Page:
Tuesday, July 01, 2008

After 100 years SOS is Still Our Saviour

Today, July 1st, is the 100th anniversary of the SOS distress call, recognised all over the world. Here’s my piece to mark the anniversary from The Daily Express.

A common misconception is that ‘SOS’ stands for something: popular choices being: "Save Our Ship,""Save Our Souls" "Survivors On Ship," or "Save Our Sailors".

But the letters have no meaning in themselves- ‘SOS’ is just three dots, three dashes, three dots in Morse Code- a simple, and easily recognisable message which became the internationally recognised distress signal for ships at sea exactly one hundred years ago this week.

The letters ‘SOS’ have, over the past century, become firmly established in popular culture. The rock group The Police sang about sending an ‘SOS to the world’ in their hit ‘Message in a Bottle‘. ABBA‘s ‘SOS’ also got to number one, while Rihanna’s ‘SOS-Rescue Me’ was a huge international hit in 2006.

SOS is recognised as a distress signal not just at sea, but anywhere where people find themselves in danger. Three short, three long and three short signals, transmitted by flashlights, has been used by those stranded in mountainous area at night. And people lost in the wilderness have used rocks and other objects to spell out ‘SOS’ to attract the attention of aircraft. ‘Sending out an SOS signal’ has become the parlance for anyone who sends out a signal for help-whether or not Morse Code is used- like the American hiker who earlier this month was rescued from a German mountain after waving and throwing her bra to attract attention.

The story of SOS begins in the late 19th century. Before the advent of radio telegraphy, ships in distress had to rely on the likes of semaphore flags, signal flares, bells, and foghorns to attract the attention of would-be rescuers. But around the end of the 19th century, sea-going vessels began to be fitted with radios. Ship radios back then did not involve vocal communication, but the use of Morse Code- a system of communication developed in the US in the 1840s.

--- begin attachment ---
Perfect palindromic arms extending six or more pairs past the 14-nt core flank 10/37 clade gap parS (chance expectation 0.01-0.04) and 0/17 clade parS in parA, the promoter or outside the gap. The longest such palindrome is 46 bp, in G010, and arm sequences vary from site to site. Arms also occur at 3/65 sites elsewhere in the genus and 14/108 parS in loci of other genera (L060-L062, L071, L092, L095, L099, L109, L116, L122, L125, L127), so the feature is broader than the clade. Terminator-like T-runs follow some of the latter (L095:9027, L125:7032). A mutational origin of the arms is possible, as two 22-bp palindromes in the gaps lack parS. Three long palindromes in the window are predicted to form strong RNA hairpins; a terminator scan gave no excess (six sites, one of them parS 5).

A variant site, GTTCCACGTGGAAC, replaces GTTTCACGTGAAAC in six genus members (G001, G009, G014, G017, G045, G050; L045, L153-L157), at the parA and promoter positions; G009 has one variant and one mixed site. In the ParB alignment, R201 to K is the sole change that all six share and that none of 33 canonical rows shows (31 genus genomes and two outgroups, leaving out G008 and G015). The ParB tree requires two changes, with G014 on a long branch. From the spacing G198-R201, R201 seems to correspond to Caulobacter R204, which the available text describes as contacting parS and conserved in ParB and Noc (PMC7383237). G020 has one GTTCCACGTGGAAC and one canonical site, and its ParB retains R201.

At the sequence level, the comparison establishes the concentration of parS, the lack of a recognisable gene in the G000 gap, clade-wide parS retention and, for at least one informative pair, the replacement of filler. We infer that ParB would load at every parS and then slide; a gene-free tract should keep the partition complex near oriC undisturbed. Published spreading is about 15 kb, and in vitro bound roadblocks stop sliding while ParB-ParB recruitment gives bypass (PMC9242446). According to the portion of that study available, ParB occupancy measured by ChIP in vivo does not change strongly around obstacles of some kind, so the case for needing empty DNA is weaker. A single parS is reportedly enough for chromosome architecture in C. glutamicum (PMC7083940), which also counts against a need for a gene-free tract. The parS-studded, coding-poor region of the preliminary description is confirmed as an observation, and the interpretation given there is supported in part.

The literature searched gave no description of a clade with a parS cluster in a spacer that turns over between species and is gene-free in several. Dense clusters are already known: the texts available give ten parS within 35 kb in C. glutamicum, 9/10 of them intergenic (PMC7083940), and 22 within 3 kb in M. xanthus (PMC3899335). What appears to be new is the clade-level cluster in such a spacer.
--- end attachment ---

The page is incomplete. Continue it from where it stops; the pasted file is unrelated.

The first ship to send out a Morse Code radio distress signal was the East Goodwin lightship, when the merchant ship ‘Elbe’ ran aground in Kent in March 1899. The lightship radioed the nearby lighthouse, which then summoned the aid of lifeboat to rescue the ship’s crew. Ironically, only a month later the East Goodwin lightship became the first vessel to send a radio signal of its own distress when it was rammed by another ship.

The problem was that different ships used different messages to say they were in distress, often leading to confusion. Some ships transmitted ‘Help’, while others used messages in their own language- not much use if in danger off the coast of another country. There was an urgent need for an internationally agreed standardised distress signal and the first one to be adopted was ‘CQD’ - devised by Britain’s Marconi Corporation in 1904. But although this was a major step forward, there were still problems. ‘CQD’ was supposed to mean ‘All Stations-Urgent’, but it was regularly mistaken for ‘Come quick- danger’. And if the final ‘D‘ was not heard, then the signal would be interpreted as the non-urgent "calling anyone".

Something simpler- and less open to misinterpretation was needed and the solution was found in Germany.

The Germans had originally used the distress signal ‘SOE’. But it was felt that the three ‘dots’ of an ‘S’ in Morse Code were easier to hear in static than the one dot of an ‘E’, so the final letter was substituted.

The real beauty of ‘SOS’ was its simplicity: dot-dot-dot-dash-dash-dash-dot-dot-dot in Morse Code was far less likely to be misinterpreted than the more complex dash-dot-dash-dot, dash-dash-dot-dash, dash-dot-dot of ‘CQD‘. And it could be sent far more quickly- and with less chance of the radio operator making a mistake. For these reasons ‘SOS’ was officially adopted as the international distress signal at the second International Radiotelegraphic Convention in 1906- to come into effect on 1st July 1908.

It wasn’t long before the new signal was saving lives. In June 1909, a Cunard liner, the SS Slavonia, was wrecked off the Azores. The ship used the ‘SOS’ signal, which was received by two steamships who promptly went to the rescue. Not a single life was lost.

Although the use of ‘SOS’ had been officially ratified in 1908, ‘CQD’ lingered for several more years, especially on British ships. When the Titanic struck an iceberg off Newfoundland in April 1912, the ship first used ‘CQD’ to call for help. Later ‘CQD’ was interspersed with ‘SOS’, at the suggestion of the ship’s second radio operator Harold Bride. "Send SOS; it's the new call, and this may be your last chance to send it." Bride told the ship’s first radio operator, Jack Phillips.

Bride‘s words were indeed prophetic, as Phillips, along with over 1500 others, perished in the disaster.